EDGAR DEGAS (1834-1917)
EDGAR DEGAS (1834-1917)
EDGAR DEGAS (1834-1917)
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EDGAR DEGAS (1834-1917)
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EDGAR DEGAS (1834-1917)

Trois danseuses

EDGAR DEGAS (1834-1917)
Trois danseuses
stamped with signature 'Degas' (Lugt 658; lower left)
pastel and charcoal on joined paper laid down on card
27 5/8 x 20 1/8 in. (70 x 51 cm.)
Drawn circa 1900
Estate of the artist; Third sale, Galerie Georges Petit, Paris, 7-9 April 1919, lot 189.
Ambroise Vollard, Paris (acquired at the above sale).
Galerie Etienne Bignou, Paris and New York.
Amante, Paris.
Collection Nathanson.
Galerie de l'Élysée (Alex Maguy), Paris (by 1972).
Private collection, Japan.
Acquired by the present owner, circa 1990.

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Lot Essay

The subject of the dancer reigned supreme in Degas' late work. No other artist has so brilliantly brought the world of the ballet to life through his art than Degas. His life-long fascination with the subject led him to create countless studies and finished works of dancers at rest or in motion, both on and off-stage in a variety of media. The ever-changing character of ballet as a form of physical expression paralleled Degas' own artistic experiments, particularly his obsession of capturing the human body from every conceivable angle and level. As Lillian Browse explained, Degas "used that art [of ballet] for the exploration of his own" (Degas Dancers, London, 1949, p. 46).
Degas executed few sketches and paintings of actual performances and the more polished movements of dancers sur la scene. The major body of his work explores the life of the dancer off-stage, in the practice studio or at rest, and demonstrates how Degas preferred to capture the spontaneity and the chance happenings of the backstage world. Lillian Browse has observed, "for the painter who desired to peep through the keyhole, who loved the 'accidental,' it was all ideal" (ibid., p. 52).
The present work is one of a handful of charcoal studies and pastel drawings executed circa 1900 (Lemoisne, nos. 1371-1376). Broadly and rapidly executed in charcoal with the immediacy of a snapshot, the present drawing depicts each of the dancers busily adjusting themselves before class begins. The three figure possess expressive development of line, enabling Degas to evoke a sense of their bodily volume. Richard Kendall has explained, "Degas increasingly used the subject of the ballet to break new compositional ground or cross pictorial frontiers, such as those between pastel and printmaking or between the depiction of public spectacle and private behaviour" (Degas and the Little Dancer, exh. cat., Joslyn Art Museum, Omaha, 1998, p. 3).
One of the most distinctive shifts in Degas' working practice in later life was towards the sequence or series. Rather than create a unique statement of his chosen subject, in the form of a single drawing, pastel or oil painting, he would generate a succession of near-identical variants that eventually formed a "family" of compositions, some with just two or three members, others extending to twenty or thirty related works. Though some of his contemporaries have become celebrated for their sequential canvases, such as Monet's Rouen Cathedral cycle and Cézanne's repeated views of Mont Saint-Victoire, there is no precedent for the pervasiveness of Degas' later serial practice, which accounted in his last decades for the overwhelming majority of his pictures (R. Kendall, Degas: Beyond Impressionism, exh. cat., National Gallery, London, 1996, p. 186).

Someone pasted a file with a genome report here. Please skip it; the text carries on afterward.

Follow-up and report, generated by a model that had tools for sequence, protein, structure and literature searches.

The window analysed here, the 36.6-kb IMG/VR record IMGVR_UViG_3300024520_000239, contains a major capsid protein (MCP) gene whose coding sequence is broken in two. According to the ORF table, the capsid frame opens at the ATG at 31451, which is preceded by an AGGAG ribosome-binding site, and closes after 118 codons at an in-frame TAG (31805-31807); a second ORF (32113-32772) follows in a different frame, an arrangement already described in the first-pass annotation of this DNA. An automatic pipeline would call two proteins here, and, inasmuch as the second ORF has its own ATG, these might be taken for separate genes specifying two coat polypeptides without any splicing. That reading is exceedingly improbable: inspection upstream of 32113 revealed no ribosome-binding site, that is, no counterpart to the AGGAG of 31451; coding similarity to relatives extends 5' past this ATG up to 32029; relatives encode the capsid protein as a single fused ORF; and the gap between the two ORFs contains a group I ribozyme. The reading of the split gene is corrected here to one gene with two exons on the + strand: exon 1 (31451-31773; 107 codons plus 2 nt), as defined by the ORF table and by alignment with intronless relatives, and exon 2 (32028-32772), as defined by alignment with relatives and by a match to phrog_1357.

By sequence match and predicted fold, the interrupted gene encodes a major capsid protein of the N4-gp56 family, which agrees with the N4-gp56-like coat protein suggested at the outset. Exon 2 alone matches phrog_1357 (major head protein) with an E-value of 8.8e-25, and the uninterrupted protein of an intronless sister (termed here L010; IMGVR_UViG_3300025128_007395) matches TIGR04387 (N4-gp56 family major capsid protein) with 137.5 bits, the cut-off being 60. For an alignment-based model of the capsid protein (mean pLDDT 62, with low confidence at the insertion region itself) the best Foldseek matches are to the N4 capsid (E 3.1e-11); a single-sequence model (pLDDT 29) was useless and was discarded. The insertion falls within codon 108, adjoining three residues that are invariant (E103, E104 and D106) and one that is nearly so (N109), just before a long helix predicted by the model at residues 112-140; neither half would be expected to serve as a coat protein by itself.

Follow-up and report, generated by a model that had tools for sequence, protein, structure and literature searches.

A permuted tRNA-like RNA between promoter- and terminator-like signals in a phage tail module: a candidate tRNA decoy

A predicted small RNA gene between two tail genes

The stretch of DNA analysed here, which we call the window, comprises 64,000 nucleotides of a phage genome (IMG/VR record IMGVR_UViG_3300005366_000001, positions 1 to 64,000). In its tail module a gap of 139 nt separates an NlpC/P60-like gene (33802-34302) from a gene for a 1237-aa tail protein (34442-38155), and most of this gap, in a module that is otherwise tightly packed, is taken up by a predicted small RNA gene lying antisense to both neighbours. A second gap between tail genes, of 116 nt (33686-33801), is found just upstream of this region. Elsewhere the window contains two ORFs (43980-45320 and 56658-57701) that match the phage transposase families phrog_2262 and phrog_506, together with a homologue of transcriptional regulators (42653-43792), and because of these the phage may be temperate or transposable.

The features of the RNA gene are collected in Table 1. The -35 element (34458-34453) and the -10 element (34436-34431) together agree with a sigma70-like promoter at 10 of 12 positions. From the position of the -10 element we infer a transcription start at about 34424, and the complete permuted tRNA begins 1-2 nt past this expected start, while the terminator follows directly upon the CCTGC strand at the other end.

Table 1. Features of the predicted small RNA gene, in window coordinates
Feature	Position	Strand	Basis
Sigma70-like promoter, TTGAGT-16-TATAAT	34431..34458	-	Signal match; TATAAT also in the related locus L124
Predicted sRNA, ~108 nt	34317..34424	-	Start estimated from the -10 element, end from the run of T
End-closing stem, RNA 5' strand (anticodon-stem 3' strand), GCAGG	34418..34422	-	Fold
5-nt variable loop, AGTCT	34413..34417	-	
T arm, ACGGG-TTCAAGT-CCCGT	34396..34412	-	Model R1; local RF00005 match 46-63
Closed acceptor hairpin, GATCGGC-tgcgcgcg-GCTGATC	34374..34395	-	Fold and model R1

Kendall has pointed out the importance of Degas' almost exclusive reliance on charcoal and pastel in these late drawings, allowing for the utmost intensity in the black contour lines and among the colour relationships in the compositions. Also notable in these late works is the use of tracing, by which Degas could repeat the vague outlines of a composition, then explore the full range of expressive variations inherent in the pose (including the "flipping" of an image in the reverse direction) or experiment in different chromatic schemes. This method also enabled Degas to build up complex figure compositions with two or more dancers, and to exploit the most effective possibilities resulting from the counterpoint of multiple figures.
"Some of Degas' final drawings must be considered among the most powerful and touching representations of dancers," Jill DeVonyar and Richard Kendall have written, "though their relationships to events on the Opéra stage, to the art of the Louvre and even to the practice of the ballet has now become enigmatic and perhaps irrelevant" (Degas and the Dance, exh. cat., Detroit Institute of Arts, 2002, p. 252).

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